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Windows 7: HDD has 3 partions

12 Apr 2011   #1
donaldadkins

Windows 7 Professional
 
 
HDD has 3 partions

Hi,

I recently purchased a Toshiba R700 notebook. It came with a i3 32 bit windows 7 pro OS installed. I installed the 64 bit OS a few days later (both were available with this notebook.

I was looking at my HDD and noticed it was partitioned into 3 parts. A 1.46GB recovery partition, 453.22 GB of boot, page file, etc. and 11.8GB Primary Partition.

Can anyone explain why I need 3 partitions? It has me confused..

Thanks in advance for your support.

Don




Attached Thumbnails
-capture.png  
My System SpecsSystem Spec
12 Apr 2011   #2
dsperber

Windows 7 Pro x64 (1), Win7 Pro X64 (2)
 
 

Quote   Quote: Originally Posted by donaldadkins View Post
Hi,

I recently purchased a Toshiba R700 notebook. It came with a i3 32 bit windows 7 pro OS installed. I installed the 64 bit OS a few days later (both were available with this notebook.

I was looking at my HDD and noticed it was partitioned into 3 parts. A 1.46GB recovery partition, 453.22 GB of boot, page file, etc. and 11.8GB Primary Partition.

Can anyone explain why I need 3 partitions? It has me confused..
The 1.46GB recovery partition is probably from Toshiba, and would allow you to recover your main large Win7 partition (using the recovery disks you should also have been given or created), to restore it back to "factory" in the event of disaster.

The 453GB partition is obviously your C-partition.

The 11.8GB partition is unknown just yet, but it might be the "system reserved" partition. However it's very large for that purpose, if that's what it is. Are you sure it's that large? Not quite small, i.e. only 100MB?

Anyway, can you post a screenshot of a fullscreen out of DISKMGMT.MSC, with columns and separators spread a bit so that we can see what all the partitions on your disk look like.

Thanks.
My System SpecsSystem Spec
12 Apr 2011   #3
ignatzatsonic

Microsoft Community Contributor Award Recipient

Windows 7 SP1, Home Premium, 64-bit
 
 

The 11 gig partition could also be a "Toshiba Tools" type of thing that you may or may not need to keep around.
My System SpecsSystem Spec
12 Apr 2011   #4
donaldadkins

Windows 7 Professional
 
 
Screen shot posted

Quote   Quote: Originally Posted by dsperber View Post
Quote   Quote: Originally Posted by donaldadkins View Post
Hi,

I recently purchased a Toshiba R700 notebook. It came with a i3 32 bit windows 7 pro OS installed. I installed the 64 bit OS a few days later (both were available with this notebook.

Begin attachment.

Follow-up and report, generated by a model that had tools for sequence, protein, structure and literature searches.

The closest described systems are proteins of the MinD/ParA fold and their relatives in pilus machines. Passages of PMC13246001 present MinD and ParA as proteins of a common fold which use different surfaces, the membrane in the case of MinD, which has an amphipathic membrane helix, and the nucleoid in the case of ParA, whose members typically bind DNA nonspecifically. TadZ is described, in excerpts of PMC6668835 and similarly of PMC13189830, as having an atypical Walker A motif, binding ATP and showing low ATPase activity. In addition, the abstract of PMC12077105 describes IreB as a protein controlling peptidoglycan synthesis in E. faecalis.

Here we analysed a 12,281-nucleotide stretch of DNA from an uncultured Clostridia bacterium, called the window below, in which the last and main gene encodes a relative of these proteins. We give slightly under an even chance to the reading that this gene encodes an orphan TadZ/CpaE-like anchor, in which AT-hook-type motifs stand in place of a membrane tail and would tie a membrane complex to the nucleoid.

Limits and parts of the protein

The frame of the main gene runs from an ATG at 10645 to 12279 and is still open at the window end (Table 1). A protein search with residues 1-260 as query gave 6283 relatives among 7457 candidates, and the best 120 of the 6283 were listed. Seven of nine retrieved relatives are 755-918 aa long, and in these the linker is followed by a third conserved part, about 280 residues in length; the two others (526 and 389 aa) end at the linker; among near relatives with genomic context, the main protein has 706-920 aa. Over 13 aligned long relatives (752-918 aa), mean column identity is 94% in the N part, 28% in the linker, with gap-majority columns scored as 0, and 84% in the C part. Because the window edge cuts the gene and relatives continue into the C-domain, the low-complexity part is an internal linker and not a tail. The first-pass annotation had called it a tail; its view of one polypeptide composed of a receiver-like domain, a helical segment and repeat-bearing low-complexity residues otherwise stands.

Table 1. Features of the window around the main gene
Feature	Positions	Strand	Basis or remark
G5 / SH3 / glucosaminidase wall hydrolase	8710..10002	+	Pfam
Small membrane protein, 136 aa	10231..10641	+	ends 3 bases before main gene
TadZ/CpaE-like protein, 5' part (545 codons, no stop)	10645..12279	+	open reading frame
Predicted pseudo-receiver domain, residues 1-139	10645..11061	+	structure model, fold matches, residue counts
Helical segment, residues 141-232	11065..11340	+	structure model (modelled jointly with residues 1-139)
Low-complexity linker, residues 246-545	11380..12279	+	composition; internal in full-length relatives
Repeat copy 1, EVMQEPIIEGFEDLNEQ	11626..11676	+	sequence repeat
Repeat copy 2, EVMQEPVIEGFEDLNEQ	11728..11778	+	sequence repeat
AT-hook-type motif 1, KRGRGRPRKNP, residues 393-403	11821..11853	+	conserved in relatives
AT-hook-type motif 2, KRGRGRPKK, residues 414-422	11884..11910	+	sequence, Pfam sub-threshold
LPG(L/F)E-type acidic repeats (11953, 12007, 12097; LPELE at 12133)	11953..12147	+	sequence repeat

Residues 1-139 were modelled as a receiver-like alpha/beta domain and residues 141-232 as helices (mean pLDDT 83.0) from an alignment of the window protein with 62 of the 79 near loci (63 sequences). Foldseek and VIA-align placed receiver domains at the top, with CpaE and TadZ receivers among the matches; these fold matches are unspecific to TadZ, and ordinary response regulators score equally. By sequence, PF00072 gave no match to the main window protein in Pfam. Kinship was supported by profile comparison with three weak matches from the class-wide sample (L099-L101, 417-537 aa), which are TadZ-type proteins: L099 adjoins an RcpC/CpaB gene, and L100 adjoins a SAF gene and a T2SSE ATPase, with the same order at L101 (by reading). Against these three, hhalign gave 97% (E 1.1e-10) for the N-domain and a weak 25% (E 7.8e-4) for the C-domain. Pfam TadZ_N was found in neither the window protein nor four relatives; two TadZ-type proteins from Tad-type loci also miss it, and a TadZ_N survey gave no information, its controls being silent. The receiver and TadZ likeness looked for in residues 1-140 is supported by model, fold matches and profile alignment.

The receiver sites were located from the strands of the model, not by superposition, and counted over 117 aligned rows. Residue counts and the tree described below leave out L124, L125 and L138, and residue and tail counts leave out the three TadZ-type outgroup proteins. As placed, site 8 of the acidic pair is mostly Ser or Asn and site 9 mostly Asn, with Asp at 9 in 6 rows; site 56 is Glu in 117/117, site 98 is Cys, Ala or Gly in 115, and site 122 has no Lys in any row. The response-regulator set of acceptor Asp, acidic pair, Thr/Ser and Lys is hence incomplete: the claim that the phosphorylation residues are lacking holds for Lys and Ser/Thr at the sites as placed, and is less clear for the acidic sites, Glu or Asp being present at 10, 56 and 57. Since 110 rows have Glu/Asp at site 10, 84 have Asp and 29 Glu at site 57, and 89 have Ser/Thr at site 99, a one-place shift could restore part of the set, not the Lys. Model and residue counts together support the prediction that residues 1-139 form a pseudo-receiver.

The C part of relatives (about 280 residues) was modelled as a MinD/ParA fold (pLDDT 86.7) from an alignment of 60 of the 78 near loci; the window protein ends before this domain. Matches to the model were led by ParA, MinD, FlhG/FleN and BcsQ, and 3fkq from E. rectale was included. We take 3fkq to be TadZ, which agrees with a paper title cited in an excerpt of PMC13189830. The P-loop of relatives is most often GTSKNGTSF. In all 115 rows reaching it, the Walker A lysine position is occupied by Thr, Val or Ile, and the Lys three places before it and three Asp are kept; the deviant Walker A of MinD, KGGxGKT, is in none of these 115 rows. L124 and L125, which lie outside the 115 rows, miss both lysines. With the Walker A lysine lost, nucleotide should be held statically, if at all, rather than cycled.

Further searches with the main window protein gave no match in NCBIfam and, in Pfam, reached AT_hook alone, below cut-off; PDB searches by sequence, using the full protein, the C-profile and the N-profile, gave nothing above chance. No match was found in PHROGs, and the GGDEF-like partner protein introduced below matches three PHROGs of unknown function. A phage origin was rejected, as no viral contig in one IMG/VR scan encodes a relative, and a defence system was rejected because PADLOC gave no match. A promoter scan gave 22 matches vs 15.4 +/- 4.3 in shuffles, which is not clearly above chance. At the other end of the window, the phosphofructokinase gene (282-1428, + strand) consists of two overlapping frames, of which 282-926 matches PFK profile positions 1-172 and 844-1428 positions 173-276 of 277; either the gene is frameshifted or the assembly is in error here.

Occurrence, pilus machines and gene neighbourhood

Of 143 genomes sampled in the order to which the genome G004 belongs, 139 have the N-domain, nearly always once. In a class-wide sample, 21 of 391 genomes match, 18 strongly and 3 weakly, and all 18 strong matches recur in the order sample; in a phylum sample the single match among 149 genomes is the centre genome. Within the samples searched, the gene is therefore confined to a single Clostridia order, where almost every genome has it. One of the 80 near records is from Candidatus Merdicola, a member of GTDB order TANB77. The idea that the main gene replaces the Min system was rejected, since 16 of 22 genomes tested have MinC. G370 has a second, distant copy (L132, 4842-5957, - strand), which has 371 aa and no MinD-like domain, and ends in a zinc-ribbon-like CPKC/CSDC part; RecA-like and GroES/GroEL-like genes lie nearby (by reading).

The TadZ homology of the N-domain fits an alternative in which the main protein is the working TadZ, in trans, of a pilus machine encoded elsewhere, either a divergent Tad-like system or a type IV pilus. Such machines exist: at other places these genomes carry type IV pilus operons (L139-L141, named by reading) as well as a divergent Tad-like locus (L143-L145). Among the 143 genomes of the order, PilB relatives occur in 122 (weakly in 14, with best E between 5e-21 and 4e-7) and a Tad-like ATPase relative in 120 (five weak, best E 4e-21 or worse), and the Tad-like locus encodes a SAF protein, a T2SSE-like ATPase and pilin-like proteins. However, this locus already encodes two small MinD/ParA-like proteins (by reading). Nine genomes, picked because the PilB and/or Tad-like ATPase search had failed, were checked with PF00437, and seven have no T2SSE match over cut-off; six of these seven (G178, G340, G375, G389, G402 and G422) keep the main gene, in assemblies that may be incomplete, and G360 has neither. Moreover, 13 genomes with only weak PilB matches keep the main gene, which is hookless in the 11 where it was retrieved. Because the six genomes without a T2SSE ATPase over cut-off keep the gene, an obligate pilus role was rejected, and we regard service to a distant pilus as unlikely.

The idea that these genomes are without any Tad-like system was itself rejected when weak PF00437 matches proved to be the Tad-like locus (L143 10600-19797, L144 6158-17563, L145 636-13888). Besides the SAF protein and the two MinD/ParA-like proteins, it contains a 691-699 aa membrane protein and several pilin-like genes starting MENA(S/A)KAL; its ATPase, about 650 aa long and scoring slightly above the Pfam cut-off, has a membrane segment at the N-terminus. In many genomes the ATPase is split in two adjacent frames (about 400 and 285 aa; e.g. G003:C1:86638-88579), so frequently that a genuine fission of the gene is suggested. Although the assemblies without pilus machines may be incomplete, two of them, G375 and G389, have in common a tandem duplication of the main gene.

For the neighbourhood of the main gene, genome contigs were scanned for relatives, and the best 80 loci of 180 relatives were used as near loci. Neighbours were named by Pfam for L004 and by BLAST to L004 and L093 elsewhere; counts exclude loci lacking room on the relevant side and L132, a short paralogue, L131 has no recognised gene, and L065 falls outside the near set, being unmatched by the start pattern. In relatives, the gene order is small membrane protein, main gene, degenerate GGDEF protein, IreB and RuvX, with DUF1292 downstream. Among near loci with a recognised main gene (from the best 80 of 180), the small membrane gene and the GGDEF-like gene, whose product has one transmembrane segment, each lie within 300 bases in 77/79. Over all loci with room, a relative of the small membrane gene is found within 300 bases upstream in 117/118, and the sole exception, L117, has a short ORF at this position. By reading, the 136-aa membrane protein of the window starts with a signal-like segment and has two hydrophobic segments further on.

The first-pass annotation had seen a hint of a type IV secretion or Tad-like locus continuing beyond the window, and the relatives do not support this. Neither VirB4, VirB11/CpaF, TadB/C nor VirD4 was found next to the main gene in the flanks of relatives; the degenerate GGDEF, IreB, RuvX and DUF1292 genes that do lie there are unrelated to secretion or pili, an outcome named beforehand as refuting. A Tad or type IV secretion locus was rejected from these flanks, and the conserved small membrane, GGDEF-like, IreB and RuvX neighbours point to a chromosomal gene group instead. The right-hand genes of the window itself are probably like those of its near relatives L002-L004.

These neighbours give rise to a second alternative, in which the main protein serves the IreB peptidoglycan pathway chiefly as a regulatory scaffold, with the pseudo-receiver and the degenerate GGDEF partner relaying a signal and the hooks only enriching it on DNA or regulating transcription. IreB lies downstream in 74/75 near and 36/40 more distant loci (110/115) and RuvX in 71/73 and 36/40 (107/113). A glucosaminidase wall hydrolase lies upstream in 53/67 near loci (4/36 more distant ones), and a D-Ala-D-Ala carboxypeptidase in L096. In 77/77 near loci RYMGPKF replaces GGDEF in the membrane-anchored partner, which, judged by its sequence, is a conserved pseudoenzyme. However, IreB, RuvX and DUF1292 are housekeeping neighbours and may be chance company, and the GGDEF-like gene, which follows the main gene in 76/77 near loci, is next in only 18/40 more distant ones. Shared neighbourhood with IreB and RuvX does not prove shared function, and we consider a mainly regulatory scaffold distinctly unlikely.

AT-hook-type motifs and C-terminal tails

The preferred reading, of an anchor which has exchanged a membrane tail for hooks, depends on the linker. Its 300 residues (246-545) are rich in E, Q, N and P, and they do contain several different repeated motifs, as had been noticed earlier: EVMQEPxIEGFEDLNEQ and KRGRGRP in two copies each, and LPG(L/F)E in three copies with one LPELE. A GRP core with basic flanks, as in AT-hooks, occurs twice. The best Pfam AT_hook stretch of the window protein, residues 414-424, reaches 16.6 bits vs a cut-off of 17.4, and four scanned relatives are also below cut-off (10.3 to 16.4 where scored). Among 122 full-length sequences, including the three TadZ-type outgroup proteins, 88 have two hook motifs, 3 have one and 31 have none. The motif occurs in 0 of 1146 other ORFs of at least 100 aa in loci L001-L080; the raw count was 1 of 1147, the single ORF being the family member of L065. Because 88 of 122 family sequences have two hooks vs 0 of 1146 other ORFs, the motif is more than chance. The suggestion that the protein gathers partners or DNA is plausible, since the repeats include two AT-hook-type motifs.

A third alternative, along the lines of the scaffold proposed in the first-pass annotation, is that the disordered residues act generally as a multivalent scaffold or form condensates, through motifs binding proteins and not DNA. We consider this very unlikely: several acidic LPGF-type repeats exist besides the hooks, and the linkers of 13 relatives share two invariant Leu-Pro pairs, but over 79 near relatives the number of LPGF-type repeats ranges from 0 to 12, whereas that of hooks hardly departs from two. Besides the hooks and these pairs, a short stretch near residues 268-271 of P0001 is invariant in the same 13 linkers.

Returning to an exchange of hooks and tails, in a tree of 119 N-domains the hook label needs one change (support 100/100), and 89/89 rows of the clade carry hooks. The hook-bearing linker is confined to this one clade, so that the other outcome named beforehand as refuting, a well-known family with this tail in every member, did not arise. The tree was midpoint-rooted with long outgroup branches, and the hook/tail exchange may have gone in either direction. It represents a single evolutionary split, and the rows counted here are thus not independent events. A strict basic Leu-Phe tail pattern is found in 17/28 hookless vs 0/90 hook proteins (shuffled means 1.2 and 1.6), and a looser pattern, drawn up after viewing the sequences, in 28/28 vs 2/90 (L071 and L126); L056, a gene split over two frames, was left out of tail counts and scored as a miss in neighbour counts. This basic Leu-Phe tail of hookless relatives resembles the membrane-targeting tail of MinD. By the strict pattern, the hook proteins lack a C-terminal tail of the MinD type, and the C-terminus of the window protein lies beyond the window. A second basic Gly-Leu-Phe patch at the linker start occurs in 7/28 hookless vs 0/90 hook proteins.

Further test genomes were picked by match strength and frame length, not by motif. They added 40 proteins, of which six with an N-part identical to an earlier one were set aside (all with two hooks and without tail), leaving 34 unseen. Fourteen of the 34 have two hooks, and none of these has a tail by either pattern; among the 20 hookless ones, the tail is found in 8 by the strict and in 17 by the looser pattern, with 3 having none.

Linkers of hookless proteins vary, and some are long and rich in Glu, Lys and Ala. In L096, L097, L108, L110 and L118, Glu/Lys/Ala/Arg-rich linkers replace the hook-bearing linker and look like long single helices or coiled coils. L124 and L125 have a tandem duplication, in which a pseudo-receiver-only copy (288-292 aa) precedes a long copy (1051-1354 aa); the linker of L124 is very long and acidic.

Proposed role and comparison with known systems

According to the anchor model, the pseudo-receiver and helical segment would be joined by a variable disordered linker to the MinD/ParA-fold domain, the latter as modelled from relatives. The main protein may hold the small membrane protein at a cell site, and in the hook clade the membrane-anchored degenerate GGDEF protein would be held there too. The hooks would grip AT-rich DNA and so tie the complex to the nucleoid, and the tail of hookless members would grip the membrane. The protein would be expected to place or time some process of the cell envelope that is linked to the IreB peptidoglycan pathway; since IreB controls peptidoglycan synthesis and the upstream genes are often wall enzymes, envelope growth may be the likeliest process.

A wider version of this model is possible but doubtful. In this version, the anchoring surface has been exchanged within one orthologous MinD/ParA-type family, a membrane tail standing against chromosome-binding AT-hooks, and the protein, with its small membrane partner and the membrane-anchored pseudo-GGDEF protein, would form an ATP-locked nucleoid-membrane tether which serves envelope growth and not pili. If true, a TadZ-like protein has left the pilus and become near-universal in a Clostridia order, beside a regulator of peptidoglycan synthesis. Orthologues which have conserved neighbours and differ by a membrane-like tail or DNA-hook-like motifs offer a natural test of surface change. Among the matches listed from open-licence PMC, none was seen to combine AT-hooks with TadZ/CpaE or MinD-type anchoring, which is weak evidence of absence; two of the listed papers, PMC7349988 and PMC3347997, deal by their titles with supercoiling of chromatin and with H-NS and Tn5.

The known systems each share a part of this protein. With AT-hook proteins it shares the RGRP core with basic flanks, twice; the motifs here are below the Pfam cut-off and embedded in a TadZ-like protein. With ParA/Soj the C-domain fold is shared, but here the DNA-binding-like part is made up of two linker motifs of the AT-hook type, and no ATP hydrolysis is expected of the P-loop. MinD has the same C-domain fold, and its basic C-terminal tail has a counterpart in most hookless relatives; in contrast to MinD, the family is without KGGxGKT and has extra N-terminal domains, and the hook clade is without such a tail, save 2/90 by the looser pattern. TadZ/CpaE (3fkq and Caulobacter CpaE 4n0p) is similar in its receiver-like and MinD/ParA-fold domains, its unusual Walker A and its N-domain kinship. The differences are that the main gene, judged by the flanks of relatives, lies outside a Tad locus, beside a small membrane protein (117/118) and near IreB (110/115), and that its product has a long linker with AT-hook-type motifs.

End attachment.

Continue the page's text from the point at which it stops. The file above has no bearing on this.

I was looking at my HDD and noticed it was partitioned into 3 parts. A 1.46GB recovery partition, 453.22 GB of boot, page file, etc. and 11.8GB Primary Partition.

Can anyone explain why I need 3 partitions? It has me confused..
The 1.46GB recovery partition is probably from Toshiba, and would allow you to recover your main large Win7 partition (using the recovery disks you should also have been given or created), to restore it back to "factory" in the event of disaster.

The 453GB partition is obviously your C-partition.

The 11.8GB partition is unknown just yet, but it might be the "system reserved" partition. However it's very large for that purpose, if that's what it is. Are you sure it's that large? Not quite small, i.e. only 100MB?

Anyway, can you post a screenshot of a fullscreen out of DISKMGMT.MSC, with columns and separators spread a bit so that we can see what all the partitions on your disk look like.

Thanks.
Screen shot posted.
My System SpecsSystem Spec
12 Apr 2011   #5
dsperber

Windows 7 Pro x64 (1), Win7 Pro X64 (2)
 
 

Quote   Quote: Originally Posted by donaldadkins View Post
Screen shot posted.
Thanks.

That 11GB partition is definitely not the "system reserved" partition. It's not marked "active", so it is not "booted to by the BIOS". It may actually be the recovery partition from Toshiba, since it's pretty sizable.

In a 1-OS strictly Win7 environment installed-from-scratch on a brand new empty hard drive, the "system reserved" partition is typically allocated at small 100MB size by the Win7 installer And this is where the Win7 boot loader files are normally placed, and this partition is marked as "active".

So actually, it looks like that 1.46GB partition could be for that "Win7 boot loader" purpose, as it is shown as the "active" partition, meaning that's where the BIOS goes when the machine boots. It's larger than normal, but it is the "active" partition... and that means that's where the Win7 boot loader files must be located. Definitely not the Toshiba recovery partition.

I'd suggest you download and install Paritition Wizard (free) Home Edition v5.2 along with its standalone boot CD which you can burn by downloading this ISO file. The program itself runs under Win7, so you can see drive letters. The standalone boot CD is for emergencies, disaster/recovery, and for partition-related operations that cannot be performed while the Win7 operating system is active but must be run while standalone booted.

Anyway, if you run the program while booted to Win7, and select that 1.6GB partition (even though it has no drive letter), on the left side of the PW interface there is a major category called "Operations", and in that group is a function named "Explore Partition". If you select it, you will get a popup window showing you the contents of that partition.

For example, on my 100MB "system reserved" partition the presentation shown by using PW's "Explore Partition" looks as follows:



You can then select your other 11GB "healthy primary" partition and then "Explore Partition", to see what its contents are. I suspect this may be the Toshiba recovery partition, but exploring it with PW should let you know for sure.

Note that the BIOS boots to that 1.6GB partition because it is marked as the "active" partition on the drive, where the Win7 boot loader files are located. Then the boot loader program from that partition actually examines its "boot menu" and because you only have one [default] OS on that menu, boots directly over to the large partition in which Win7 itself lives (because you only have 1 bootable OS defined, namely Win7).

Had you had multiple bootable OS's (in multiple bootable partitions on that drive) the Win7 boot manager would instead have presented a menu to you, allowing you to select which OS on that list you actually wanted to boot to.